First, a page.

So thank you Anthony Bourdain for helping me to grow a lot, and for putting a smile on my dying cousin’s heart. Indeed with your own writing not just for your show (and it’s accompanying books) but also your fiction, which I have also enjoyed very much. You have informed my writing too, just like the master writers of this century and I hope you stay here in New York and keep doing No Reservations for many more years to come. This viewer will never grow tired of it.

 But I would be remiss if I didn’t mention the one thing that my writing has given me, the most important thing…a friend. When I started reading others work I came across the blog of Maureenj aka White Orchid and after commenting on something she wrote, found her also looking at my page and since then we have become good friends. The fact is that only a few other people have bothered to comment on my posts and the comments have all been good, but no one follows my blog like Maureen.  This past year we have weathered many storms in our own life but still find time and energy to encourage each other and comment on each others blog posts. She has become the older sister I was supposed to have in many ways and although I have not shared some of my deeper problems and fears with her, (especially since she had a medical scare this year and a death in the family) I have come to realize she is my true friend. We talk of our desire to meet one day and I often find myself day dreaming about my trip to Australia or hers to New York, where I would undoubtedly be the personal tour guide for her that I want to be in the near future, and was with my relatives from England in April of this past year.

 Mark and Sharon came over and changed my life without even knowing it at the time, the days spent showing them the Village and Midtown Manhattan were the happiest this year, and led to my realizing that this might be my true calling. This was reinforced by meeting Robert Fogelnest; a former tour guide and Village authority whose book I bought and study along with many others on all things good and bad about New York City.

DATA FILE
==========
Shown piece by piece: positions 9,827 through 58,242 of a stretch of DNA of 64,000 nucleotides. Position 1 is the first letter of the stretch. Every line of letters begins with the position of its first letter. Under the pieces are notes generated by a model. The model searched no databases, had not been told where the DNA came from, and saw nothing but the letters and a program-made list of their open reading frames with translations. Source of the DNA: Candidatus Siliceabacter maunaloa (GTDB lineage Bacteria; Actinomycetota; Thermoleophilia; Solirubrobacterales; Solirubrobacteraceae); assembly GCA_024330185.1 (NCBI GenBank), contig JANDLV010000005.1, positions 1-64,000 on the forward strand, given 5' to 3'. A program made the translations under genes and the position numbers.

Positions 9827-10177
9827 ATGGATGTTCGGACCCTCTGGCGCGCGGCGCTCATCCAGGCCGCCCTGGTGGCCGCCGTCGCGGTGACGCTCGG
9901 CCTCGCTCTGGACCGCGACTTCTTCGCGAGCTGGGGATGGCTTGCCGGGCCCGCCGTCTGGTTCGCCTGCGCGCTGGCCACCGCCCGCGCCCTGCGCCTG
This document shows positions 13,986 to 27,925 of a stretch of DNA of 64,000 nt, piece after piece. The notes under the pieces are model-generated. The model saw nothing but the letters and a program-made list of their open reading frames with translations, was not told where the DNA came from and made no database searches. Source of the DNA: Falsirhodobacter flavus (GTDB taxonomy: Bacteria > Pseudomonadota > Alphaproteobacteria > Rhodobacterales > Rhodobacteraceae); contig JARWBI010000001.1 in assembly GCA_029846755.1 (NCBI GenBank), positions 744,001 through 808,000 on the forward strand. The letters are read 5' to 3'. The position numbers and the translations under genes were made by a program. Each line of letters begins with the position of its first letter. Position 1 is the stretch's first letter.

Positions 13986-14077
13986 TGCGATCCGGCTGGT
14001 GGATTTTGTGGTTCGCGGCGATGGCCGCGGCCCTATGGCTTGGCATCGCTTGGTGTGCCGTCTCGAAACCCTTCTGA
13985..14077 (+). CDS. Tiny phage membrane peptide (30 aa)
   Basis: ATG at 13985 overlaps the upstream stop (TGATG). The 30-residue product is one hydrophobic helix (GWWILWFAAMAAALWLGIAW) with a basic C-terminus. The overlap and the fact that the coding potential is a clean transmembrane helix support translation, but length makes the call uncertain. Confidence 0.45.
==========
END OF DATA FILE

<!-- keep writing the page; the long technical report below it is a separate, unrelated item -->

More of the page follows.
So right now while I weather the storm of debt consolidation and zero credit available to me I cannot indulge in the finer things in New York City. I have to learn to write about other topics anyway, still have some story’s to tell about New York and some experiences I had before all this blogging, theater-going, tour guiding study and hardcore foodie stuff started. The very first story I wrote as an intentional piece of journalism was a story about street art that I wrote in 2007 when I was so wrapped up in my story that I didn’t even review the food I was eating in a now closed Sri Lankan restaurant, which is strange because I remember it was good. The story of our trip to England and Paris is all a blur now but I can try to look at pictures and piece it together to make it live. I also have the hope of coming into some money soon, by legal means I assure you which will be enough to pay off a few bills not covered by the debt consolidation in which case I could be in a few months very close to breathing a sigh of relief and able to continue my adventures.

 So right now after watching Paradise Found with Keifer Sutherland last night I am also trying to become an artist again, and trying to meld both my writing and my art into switches I can throw on or off depending on my mood instead of one or the other, which is the way it’s been since early 2007, I haven’t painted a thing in two years,why…I don’t know.  

 I am grateful to Word Press for their support and presence on the web, and to Cheru Jackson of  Alphainventions for helping me to promote my page, and to my Mom, whose diary writing, and her repeatedly showing and speaking aloud the first three letters of the alphabet to me as a baby, have undoubtedly had a lasting effect on me as a writer and reader. As always it’s the little things like this that mean the most.

It has been a great ride and I hope to continue this for the rest of my life, even if I never make it as a writer or an artist it’s OK. The most important thing is that while I write or paint I’m alive, doing what I enjoy and not wasting time with mindless activities or destructive behavior. Thanks to all the cast of characters in my life, which is my work of art, as I am in others casts…so may all of us grow. Thanks for reading and influencing my life and art, and if your ever in New York City drop me a line and we’ll have a drink or two, and one more thing…try the veal at Le Rivage on W. 46th St…it’s really good.



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Tougher Times-Mar 2009